Writing Style. I’m mixed about this. The start I felt was amazing. I especially liked when you cut off mid sentence when the door opened by itself. Afterwards, it almost felt rushed and somewhat, what word should I use… clunchy? Maybe. It just didn’t flow as well the first half did

    Antagonist. It. It It It. It It It It It It It It It It It It. Annoying right? That’s all I can remember from this story. The word It repeated over and over. I get it, your girlfriend isn’t human anymore, you don’t need to remind me every single paragraph.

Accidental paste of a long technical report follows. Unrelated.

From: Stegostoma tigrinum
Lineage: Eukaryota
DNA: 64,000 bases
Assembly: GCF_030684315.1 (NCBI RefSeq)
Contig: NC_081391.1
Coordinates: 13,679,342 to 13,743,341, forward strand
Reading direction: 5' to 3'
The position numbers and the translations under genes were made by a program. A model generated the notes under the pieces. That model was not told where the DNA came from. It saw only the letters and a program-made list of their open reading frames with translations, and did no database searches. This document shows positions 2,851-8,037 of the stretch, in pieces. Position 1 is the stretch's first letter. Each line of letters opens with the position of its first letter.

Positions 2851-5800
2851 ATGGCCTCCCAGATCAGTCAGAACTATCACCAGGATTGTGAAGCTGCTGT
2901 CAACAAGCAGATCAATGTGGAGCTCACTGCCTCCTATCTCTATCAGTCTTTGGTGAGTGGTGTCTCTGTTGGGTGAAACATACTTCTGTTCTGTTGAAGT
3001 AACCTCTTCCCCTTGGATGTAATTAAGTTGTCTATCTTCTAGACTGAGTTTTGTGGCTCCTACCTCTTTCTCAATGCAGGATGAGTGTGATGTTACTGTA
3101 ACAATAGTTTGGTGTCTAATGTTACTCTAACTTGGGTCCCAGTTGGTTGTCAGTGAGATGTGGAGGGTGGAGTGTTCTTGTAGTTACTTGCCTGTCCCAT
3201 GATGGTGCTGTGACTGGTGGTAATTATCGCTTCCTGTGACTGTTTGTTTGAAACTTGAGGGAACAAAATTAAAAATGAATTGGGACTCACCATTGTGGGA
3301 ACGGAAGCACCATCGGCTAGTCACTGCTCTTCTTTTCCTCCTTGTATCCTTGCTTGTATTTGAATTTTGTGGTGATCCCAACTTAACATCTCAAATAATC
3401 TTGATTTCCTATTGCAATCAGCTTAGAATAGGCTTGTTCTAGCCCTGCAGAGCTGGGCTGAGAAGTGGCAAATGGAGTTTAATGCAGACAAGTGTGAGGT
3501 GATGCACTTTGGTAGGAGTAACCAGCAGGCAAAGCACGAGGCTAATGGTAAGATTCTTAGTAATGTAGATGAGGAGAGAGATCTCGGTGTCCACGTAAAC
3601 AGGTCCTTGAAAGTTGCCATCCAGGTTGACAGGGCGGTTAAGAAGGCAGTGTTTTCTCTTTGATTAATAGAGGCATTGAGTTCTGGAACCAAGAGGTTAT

6/10. Once they entered the house it went downhill, it needs some work

    1. Thx for the feedback :) I agree I definitely used to many its. After reading this comment I went back to reread my story and I would agree with pretty much all that you said:) I have no excuse for this other than this being my first story. These comments will be helpful in the writing of my next story. Thx!